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BHC and SPGA prepare for launch of ‘Green Footprint Seychelles’   • Highlight economic opportunity of sustainable tourism |14 September 2021

BHC and SPGA prepare for launch of ‘Green Footprint Seychelles’     • Highlight economic opportunity of sustainable tourism

British High Commissioner Patrick Lynch with SPGA CEO Allen Cedras

In anticipation of the launch of the British High Commission-funded ‘Green Footprint Seychelles’ campaign, staff from the Seychelles Parks and Gardens Authority (SPGA), the British High Commission (BHC) and volunteers from Global Vision International (GVI) participated in a pilot tree-planting activity at the Salazie Trail in the Morne Seychellois National Park last Friday.

This pilot activity – delivered in partnership between the BHC and SPGA – will inform the design and delivery of a larger-scale tree-planting pilot project, which will aim to support local experts to test a marketable and scientifically-developed tree-planting scheme as part of Seychelles’ green recovery of tourism.

Participants also piloted the Sustainable Development Goal (SDG)-focused social media platform, Global Impact Network – introduced in Seychelles earlier this year – that serves to encourage people and businesses to take positive action towards the seventeen SDGs. Participants can collect sustainability activity-related ‘badges’ on the platform, including a ‘tree-planter’ badge, and share their positive experiences as well as track the impact of the activity on the application.

In preparation for the UK government’s leading role in responding to the climate crisis as host of November’s COP26 climate talks in Glasgow, the BHC has recognised that the crippling blow to the tourism industry from Covid-19 has accelerated longer-term projections on the decline of long-haul air travel, which may in turn bring a severe economic contraction to Seychelles over the longer term. This, coupled with the increased environmental conscience of European travellers, has already threatened to have a disproportionate impact on Seychelles, with European tourists becoming increasingly conscious of their ‘carbon footprint’.

The development and delivery of activities under the ‘Green Footprint Seychelles’ campaign would serve as just one small part of a developing movement – driven by local conservation and tourism experts – which would present an opportunity for Seychelles to use its world-leading environmental expertise and its entrepreneurial spirit, to promote itself as the green choice for European tourists.

Commenting on SPGA’s longer-term plans for the project, chief executive Allen Cedras, explained:

“The project started last year, but the pandemic brought about delays. In the background, SPGA has started preparing the site at Salazie, Sans Soucis. We have removed invasive plant species and have started producing endemic and native species that would be used specifically for the project. Although less than 1% of Seychelles is land-based, restoring terrestrial and marine coastal biodiversity is key to tackling both climate adaptation and mitigation. Maximising biodiversity can enhance productivity, ecosystem resilience and the provision of forest products and ecological services to local communities. Afforestation is a mandate of SPGA, but this is the first time that the authority partners with an organisation to work on a scientific method of assessing the contribution that this important activity makes towards the environmental and climate change impact of travel and tourism in Seychelles, through a nature-based solutions project. SPGA plans to expand this project to its other protected areas, with the hope of benefiting the country’s tourism industry.”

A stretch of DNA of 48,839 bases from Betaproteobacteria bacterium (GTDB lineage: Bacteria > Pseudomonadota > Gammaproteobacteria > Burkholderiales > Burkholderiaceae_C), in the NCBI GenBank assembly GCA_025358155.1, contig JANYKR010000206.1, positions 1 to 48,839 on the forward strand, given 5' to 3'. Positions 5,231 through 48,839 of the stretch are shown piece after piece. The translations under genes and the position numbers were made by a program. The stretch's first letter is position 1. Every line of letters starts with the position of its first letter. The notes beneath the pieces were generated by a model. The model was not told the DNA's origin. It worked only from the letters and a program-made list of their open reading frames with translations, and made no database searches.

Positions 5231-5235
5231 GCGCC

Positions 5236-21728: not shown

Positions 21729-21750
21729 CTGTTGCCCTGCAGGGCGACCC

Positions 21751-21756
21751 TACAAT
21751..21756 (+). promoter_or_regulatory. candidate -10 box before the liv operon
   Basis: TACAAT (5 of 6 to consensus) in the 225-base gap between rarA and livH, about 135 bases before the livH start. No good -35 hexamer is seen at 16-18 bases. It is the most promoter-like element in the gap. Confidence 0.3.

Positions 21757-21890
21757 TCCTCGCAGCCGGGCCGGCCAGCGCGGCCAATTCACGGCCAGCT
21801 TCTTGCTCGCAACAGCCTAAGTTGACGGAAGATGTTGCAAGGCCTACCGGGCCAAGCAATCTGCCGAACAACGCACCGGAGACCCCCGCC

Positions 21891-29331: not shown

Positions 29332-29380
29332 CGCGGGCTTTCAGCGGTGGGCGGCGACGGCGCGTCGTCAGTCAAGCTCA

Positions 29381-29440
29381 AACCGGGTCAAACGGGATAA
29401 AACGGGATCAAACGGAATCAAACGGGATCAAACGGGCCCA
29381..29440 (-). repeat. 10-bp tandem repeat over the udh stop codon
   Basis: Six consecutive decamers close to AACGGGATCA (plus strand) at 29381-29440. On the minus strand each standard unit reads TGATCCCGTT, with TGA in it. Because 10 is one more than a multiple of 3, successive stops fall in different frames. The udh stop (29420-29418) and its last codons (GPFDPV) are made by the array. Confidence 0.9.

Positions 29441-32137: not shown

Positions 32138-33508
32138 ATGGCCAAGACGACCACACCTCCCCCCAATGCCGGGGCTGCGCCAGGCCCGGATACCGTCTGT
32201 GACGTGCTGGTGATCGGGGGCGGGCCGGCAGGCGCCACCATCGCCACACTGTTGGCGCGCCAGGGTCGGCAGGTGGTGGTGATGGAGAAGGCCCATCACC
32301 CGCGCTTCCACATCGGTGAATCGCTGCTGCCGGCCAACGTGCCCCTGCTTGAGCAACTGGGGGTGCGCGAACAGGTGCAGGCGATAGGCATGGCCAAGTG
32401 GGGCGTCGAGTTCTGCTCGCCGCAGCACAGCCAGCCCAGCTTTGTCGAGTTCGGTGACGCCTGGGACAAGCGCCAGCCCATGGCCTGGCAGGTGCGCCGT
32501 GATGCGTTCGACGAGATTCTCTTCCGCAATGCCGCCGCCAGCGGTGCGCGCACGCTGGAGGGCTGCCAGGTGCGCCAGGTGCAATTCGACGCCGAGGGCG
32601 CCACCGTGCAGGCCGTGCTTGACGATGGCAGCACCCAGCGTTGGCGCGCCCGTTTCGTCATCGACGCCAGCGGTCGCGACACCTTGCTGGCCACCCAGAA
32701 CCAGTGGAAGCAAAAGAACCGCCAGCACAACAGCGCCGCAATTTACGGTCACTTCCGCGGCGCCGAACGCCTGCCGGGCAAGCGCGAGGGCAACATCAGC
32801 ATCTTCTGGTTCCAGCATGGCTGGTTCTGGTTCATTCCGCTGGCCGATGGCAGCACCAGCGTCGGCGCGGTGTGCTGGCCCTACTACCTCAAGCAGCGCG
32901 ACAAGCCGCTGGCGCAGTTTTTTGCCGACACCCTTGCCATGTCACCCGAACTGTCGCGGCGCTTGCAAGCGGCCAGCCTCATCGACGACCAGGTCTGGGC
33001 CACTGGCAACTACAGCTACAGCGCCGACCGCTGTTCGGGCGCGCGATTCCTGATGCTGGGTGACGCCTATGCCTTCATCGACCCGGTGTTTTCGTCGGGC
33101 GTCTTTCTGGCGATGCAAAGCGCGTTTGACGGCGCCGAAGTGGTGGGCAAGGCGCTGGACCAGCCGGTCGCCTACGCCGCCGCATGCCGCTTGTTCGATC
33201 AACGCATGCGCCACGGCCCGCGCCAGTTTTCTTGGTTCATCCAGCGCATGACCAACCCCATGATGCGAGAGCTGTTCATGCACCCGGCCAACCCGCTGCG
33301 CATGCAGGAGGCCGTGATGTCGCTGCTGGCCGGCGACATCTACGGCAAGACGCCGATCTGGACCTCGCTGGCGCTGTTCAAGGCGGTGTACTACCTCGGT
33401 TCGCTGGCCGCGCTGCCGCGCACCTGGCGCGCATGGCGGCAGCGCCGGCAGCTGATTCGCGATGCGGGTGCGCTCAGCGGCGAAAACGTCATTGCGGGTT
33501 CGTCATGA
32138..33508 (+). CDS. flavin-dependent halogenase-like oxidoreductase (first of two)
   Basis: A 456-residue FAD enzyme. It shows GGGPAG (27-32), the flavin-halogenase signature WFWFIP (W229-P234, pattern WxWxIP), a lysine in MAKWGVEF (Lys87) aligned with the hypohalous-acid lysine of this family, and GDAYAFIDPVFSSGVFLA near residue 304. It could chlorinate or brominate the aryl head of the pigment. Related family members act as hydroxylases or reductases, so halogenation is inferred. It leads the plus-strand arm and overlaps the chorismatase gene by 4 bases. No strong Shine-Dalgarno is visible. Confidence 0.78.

British High Commissioner, Patrick Lynch, said: “This is a project that the British High Commission is really excited about. As vaccinations begin to ease the impact of the Covid-19 pandemic in our two countries, we are moving closer to the return of tourists from the UK, and many other countries that currently have travel restrictions in place. However, we are also mindful of the longer-term decline in long-haul travel, reflecting increased concern from consumers at the carbon impact of their holidays.

“The British High Commission Green Footprint project directly addresses this issue, by providing a way for tourists to engage in a planting activity that has been designed to offer a sustainable and effective way of offsetting carbon. We are delighted that our partners at SPGA – and the great volunteers from GVI – have joined us to do some digging at this pilot event ahead of the launch of the project. We have certainly proved that it is possible to have fun; even when you are up to your elbows in soil!

“Importantly, this project is just one small part of a wider movement to bring about a green recovery of tourism in Seychelles. Across the sector, local businesses recognise the real economic imperative of stepping up to the challenge of the climate crisis.  Consumer behaviour is changing, and the market must change to reflect that. The good news is that Seychelles is better placed to respond than almost any other country in the world. With a combination of local environmental expertise, and entrepreneurial spirit, sustainable tourism can offer a real economic opportunity, rather than a threat.”


Press release from the British High Commission


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